Tuesday, April 29, 2008

Letters April 29, 2008, Telegraph-Journal

Parent doesn't buy EFI study

In response to Mr. Willms' opinion of EFI, it is interesting to note that he fails to recognize the fact N.B. students score lower than other provinces that have EFI. I would think this means that there is something fundamentally wrong with New Brunswick's education system, period.

I disagree that "segregation" occurs with EFI. Children don't choose their friends based on whether they are in French Immersion or not. They are more likely to hang out with kids in their own class regardless of the language they are taught. So I guess we would have to put ALL children in the same grade in ONE classroom to avoid segregation.

I am particularly fed up with hearing about the socioeconomic class of children in EFI. My children are in the low socioeconomic group. I have made the choice, available to every parent, to enroll my children in EFI. My income had nothing to do with my choice. Why lower socioeconomic parents are avoiding EFI is perhaps a subject Mr. Willms can research.

It is highly unlikely that the parents who did not choose EFI for their children in the first place will encourage their children to learn the language in Grade 5, beyond which point the ability to choose will no longer exist. Nobody, children and adults alike, want to be told they must do something.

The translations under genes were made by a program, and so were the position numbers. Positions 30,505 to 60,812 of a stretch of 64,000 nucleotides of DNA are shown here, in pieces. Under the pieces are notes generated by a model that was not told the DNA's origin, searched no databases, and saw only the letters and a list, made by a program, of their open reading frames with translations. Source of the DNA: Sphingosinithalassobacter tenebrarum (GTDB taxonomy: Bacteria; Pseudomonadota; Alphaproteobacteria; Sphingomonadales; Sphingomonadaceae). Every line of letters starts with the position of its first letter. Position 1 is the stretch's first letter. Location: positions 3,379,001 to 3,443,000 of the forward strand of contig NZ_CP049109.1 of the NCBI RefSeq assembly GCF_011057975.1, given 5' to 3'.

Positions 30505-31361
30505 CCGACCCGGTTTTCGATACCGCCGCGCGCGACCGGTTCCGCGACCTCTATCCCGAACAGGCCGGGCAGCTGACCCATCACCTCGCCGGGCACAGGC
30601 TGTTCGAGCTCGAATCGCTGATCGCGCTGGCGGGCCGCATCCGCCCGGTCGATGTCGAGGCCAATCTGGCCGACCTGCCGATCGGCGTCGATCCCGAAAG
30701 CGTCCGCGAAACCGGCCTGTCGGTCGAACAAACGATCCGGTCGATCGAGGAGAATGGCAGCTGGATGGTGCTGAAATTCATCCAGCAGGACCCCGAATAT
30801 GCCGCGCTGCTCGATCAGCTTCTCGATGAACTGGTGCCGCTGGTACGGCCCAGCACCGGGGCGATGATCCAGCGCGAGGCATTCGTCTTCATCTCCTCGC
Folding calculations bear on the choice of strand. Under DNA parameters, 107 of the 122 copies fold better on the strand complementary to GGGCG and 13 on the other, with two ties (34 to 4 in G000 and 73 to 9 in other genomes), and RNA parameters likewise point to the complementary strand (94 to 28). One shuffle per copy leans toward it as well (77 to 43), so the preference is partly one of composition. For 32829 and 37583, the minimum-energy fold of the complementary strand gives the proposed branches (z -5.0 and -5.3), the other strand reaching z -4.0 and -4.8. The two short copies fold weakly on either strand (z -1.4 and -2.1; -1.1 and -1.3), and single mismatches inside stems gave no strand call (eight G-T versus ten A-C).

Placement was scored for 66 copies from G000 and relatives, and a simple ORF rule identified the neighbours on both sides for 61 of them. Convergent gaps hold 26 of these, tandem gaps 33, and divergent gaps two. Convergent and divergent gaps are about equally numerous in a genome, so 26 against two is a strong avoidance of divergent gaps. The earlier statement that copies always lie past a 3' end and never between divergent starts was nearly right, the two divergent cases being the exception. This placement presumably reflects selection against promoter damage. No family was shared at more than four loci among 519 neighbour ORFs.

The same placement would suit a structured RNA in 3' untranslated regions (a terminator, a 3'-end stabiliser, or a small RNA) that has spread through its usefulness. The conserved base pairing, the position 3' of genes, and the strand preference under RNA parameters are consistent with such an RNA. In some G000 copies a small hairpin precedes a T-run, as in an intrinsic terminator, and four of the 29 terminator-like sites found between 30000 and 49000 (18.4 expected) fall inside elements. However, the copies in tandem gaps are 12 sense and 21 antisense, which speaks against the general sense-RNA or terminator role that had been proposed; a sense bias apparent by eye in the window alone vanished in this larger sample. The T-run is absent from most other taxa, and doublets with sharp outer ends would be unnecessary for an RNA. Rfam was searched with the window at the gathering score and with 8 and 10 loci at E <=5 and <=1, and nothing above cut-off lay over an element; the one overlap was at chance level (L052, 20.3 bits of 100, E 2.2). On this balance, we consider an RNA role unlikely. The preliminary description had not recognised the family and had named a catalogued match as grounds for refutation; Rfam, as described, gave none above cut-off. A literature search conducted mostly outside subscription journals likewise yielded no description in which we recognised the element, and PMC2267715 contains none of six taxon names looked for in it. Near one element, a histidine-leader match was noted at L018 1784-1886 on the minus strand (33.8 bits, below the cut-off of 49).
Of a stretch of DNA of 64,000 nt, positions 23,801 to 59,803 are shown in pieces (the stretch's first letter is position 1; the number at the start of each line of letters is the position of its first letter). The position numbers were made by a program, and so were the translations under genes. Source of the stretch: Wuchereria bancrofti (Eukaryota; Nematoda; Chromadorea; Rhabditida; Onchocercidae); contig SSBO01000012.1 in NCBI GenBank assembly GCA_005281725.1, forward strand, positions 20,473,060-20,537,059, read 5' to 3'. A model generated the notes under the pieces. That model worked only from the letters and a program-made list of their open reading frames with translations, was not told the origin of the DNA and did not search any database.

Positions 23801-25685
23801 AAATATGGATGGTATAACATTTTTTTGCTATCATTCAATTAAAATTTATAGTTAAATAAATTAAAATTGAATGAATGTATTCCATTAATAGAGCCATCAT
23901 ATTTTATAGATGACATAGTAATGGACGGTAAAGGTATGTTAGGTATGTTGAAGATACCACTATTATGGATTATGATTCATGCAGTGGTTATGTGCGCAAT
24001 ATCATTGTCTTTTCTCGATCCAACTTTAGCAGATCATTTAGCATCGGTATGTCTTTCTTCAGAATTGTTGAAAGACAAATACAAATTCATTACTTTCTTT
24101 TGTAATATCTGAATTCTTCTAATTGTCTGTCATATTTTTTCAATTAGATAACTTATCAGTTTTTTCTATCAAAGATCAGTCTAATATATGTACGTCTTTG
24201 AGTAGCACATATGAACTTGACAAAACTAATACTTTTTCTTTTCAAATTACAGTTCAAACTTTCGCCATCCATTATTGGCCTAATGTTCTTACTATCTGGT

The "reason" for eliminating EFI has changed a number of times. I just wish we could know the real reason for this decision.


MASJ Inc. support early immersion

It is fundamentally important that all residents in New Brunswick be given the opportunity of becoming bilingual, especially in light of the fact that N.B. is the only officially bilingual province.

The early immersion program is one of the best methods of insuring that children in Saint John and N.B. continue to be given the opportunity of being able to communicate in New Brunswick and Canada's two official languages.

Many immigrants in Canada and Saint John speak more than two languages. They find it unusual that there could be any limitations on those who wish to become fluently bilingual. Many jobs in New Brunswick require bilingualism. There should be the best French immersion educational programs in place so as to enable our youth to gain employment as well as communicate with other Canadians whose mother tongue is French.

There should be no compromise. The continued prosperity and retention of our youth may depend on it.

MELANA IVERSON, Volunteer Executive Director
Multicultural Associaton of Saint John Inc

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